The Churchill judgment enables the courts to order parties to mediate and is yet another step towards the recognition of private dispute resolution as a crucial and integral part of delivering civil justice effectively.

In 2021, the Civil Justice Council (CJC) published its report on “Compulsory ADR” which concluded that that compulsion to use (alternative) dispute resolution is lawful and should be encouraged.

CMC, CEDR and Ciarb, have engaged extensively with the consultation process that the UK Ministry of Justice (MoJ) conducted following the CJC report and submitted responses to all three Government consultations that took place in 2021 and 2022.

In July 2023, following these consultations, the UK Government announced that all small claims in the County Court issued under the standard Part 7 procedure of the Civil Procedure Rules would be referred to the HM Courts and Tribunals Service’s Small Claims Mediation Service. All organisations continue to work with the UK Government on issues including the regulation of mediation and how mediation can be integrated effectively into the civil justice process.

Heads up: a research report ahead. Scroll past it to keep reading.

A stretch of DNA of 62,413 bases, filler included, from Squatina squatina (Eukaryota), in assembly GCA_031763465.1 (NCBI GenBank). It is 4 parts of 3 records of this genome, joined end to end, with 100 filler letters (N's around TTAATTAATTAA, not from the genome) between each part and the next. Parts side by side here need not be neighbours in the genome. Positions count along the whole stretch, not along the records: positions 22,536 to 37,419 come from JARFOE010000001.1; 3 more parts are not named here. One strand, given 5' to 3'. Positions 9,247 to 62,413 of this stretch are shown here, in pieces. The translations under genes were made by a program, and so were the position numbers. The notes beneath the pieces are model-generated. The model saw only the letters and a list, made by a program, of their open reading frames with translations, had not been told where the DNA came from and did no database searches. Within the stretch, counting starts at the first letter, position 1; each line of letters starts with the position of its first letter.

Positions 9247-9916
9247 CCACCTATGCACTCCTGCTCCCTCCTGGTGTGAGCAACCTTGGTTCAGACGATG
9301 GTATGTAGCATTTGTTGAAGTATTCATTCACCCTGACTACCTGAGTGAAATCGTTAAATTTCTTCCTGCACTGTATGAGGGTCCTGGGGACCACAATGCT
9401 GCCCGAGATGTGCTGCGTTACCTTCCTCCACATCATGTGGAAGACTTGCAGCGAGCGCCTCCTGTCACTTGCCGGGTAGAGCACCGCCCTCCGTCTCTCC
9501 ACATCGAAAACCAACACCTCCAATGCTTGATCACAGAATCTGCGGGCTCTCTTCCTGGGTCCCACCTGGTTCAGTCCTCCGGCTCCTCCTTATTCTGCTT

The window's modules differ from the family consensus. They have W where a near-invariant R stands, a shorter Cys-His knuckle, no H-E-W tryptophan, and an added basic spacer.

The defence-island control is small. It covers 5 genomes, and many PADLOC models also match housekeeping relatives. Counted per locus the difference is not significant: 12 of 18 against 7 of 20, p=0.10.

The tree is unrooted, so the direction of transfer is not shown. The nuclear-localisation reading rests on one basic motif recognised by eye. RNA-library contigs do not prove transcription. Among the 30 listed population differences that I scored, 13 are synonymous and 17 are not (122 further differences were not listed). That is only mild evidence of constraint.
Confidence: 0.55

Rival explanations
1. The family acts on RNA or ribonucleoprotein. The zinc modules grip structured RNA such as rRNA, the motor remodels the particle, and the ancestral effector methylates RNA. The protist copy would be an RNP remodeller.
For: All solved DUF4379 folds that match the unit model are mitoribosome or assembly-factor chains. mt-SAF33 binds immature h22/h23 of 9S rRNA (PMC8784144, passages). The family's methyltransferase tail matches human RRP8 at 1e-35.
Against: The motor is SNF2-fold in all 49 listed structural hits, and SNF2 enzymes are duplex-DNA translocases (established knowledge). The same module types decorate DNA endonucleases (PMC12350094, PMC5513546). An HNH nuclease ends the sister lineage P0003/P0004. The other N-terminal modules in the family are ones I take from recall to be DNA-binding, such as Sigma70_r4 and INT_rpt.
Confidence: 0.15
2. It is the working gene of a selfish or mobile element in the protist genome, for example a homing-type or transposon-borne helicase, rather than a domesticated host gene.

Rebecca Clark, Chair of the CMC says, “As a charity committed to promoting resolution of conflict, we are delighted by this judgment, in which the Court has expressly acknowledged the benefits of mediation for parties who want to resolve their differences cheaply and quickly. Mediation is now where it should be – firmly embedded within the civil justice system. I would like to thank Stewarts and Edwin Glasgow CBE KC and Kelly Stricklin-Coutinho of 39 Essex Chambers who all acted on a pro-bono basis to ensure that the Court had all the evidence it needed in making this decision.”

Catherine Dixon MCIArb, CEO of Ciarb says, “This judgment confirms that integrating mediation into the civil justice system does not breach human rights. Private dispute resolution is an integral part of an effective justice system. Providing parties with access to mediation and other dispute resolution processes supported by qualified dispute resolution professionals, creates more opportunities for parties to reach a resolution appropriate for them. It has been a pleasure to work with CMC, CEDR, Stewarts and Edwin Glasgow CBE KC and Kelly Stricklin-Coutinho of 39 Essex Chambers on this ground-breaking case and I thank them for their wisdom, tenacity and support.”